Published on 6th December 2018
“The growing mismatch between the world of work and our social systems puts Europe at risk of missing out on talents, losing competitiveness and weakening social integration”, says Bettina Schaller, President of the World Employment Confederation-Europe. “Despite the positive trends of employment and social indicators recently observed in Europe, labour markets still do not truly benefit all European citizens and countries in the same way.”
With the 2019 European elections and the taking office of a new European Commission, the EU has the opportunity to make such a shift happening during the next five years. “By 2024, Europe should offer a framework for labour markets that allows companies to contract their workforce under diverse and legally secured arrangements and to easily source and hire the right talents with the right skills. Further structural reforms to build new safety nets reconciling the growing needs for both flexibility and security are urgently required,” Schaller adds.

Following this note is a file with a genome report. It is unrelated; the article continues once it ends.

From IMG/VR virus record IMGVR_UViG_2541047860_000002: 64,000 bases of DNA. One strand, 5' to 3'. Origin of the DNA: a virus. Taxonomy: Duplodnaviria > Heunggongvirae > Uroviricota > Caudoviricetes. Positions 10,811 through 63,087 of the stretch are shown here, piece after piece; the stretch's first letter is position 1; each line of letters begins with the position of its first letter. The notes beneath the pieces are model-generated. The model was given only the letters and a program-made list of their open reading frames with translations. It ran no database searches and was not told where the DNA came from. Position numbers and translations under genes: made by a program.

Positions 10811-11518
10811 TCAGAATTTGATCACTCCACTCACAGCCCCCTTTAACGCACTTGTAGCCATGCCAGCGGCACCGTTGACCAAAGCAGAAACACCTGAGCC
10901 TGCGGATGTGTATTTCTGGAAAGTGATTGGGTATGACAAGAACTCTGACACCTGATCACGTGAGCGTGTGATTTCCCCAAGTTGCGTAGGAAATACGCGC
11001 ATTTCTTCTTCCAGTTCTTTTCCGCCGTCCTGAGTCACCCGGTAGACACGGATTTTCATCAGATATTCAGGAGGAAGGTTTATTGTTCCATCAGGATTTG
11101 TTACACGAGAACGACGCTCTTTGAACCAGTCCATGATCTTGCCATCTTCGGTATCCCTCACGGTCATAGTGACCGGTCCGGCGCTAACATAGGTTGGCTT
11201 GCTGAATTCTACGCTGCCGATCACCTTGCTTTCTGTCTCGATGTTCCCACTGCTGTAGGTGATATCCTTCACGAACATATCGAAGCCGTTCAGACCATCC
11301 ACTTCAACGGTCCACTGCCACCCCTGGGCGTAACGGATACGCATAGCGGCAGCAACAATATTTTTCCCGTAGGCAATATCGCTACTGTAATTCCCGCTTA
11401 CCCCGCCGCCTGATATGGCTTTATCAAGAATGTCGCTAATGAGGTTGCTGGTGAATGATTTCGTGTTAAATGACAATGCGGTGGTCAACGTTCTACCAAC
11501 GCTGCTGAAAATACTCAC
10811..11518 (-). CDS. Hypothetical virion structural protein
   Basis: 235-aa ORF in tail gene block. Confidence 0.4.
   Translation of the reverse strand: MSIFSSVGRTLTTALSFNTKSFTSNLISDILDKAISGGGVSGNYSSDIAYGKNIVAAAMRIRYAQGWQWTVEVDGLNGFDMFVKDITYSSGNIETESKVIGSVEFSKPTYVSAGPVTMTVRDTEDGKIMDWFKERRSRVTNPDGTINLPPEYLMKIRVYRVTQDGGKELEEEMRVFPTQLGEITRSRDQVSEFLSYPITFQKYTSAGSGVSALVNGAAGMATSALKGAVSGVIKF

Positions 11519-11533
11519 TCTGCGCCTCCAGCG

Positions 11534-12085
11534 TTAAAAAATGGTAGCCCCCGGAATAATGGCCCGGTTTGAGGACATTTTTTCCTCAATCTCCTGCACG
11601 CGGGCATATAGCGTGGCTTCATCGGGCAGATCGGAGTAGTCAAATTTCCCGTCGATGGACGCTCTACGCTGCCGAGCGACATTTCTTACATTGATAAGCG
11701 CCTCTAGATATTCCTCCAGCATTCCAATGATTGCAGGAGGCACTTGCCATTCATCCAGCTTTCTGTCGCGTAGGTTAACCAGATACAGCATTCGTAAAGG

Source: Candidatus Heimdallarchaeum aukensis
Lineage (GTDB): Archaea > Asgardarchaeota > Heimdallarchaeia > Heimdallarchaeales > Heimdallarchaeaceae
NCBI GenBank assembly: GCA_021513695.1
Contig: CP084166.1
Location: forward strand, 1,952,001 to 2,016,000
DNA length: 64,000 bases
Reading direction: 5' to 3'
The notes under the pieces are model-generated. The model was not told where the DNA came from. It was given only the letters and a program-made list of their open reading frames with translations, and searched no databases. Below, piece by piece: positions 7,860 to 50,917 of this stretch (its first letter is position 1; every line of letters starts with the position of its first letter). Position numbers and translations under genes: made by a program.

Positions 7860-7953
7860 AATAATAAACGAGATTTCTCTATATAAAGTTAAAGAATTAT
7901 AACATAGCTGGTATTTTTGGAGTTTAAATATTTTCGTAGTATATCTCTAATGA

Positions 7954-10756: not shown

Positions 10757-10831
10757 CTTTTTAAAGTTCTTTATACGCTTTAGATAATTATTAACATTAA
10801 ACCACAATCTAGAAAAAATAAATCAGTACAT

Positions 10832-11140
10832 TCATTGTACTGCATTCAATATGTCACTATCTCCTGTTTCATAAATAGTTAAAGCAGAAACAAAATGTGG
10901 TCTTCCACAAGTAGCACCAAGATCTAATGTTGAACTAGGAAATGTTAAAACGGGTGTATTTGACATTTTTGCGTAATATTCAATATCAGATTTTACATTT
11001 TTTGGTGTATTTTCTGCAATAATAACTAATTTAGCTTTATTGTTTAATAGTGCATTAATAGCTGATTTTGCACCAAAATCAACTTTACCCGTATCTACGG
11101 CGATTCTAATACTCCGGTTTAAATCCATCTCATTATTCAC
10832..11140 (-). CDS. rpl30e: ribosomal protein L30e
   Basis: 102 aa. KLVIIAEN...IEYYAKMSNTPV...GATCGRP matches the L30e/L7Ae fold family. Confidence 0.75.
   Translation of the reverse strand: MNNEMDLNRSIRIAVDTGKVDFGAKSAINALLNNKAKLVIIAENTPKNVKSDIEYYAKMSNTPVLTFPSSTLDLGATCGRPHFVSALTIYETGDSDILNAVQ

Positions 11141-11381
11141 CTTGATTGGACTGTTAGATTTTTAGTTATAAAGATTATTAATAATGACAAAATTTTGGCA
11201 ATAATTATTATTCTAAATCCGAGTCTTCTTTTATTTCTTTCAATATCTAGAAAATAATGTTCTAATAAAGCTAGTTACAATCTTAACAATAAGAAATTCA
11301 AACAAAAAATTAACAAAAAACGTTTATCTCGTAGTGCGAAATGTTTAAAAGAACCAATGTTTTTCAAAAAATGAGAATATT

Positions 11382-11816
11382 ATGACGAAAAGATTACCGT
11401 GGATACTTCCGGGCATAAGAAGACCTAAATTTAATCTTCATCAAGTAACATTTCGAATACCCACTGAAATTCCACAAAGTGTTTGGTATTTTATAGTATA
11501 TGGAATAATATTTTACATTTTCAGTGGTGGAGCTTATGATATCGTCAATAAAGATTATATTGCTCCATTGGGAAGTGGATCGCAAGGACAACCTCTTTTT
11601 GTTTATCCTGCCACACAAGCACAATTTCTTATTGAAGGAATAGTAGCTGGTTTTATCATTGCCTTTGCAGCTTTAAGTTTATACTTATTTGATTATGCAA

In the new world of work, jobs are much less likely to last for life, to start at nine or to end at five; multiple generations coincide at work; far more households cannot make it with one stream of income, etc. Within the EU, permanent, full-time contracts only account for 58 percent of the total workforce. Labour laws, welfare systems and tax regimes have however lagged be
hind those changes. Our social protection systems are still built on the traditional male breadwinner model based on the full-time, permanent worker paying contributions.
The World Employment Confederation-Europe believes that social innovation is the right approach to enable this vision and lead to new ways of working, learning and ensuring social protection. “The private employment industry has started implementing this concept for some years now,” explains Denis Pennel, Managing Director of the World Employment Confederation-Europe. “Our Vision Paper sets out concrete policy recommendations in five areas to capitalize on this experience and enable open, inclusive and sustainable labour markets in Europe.”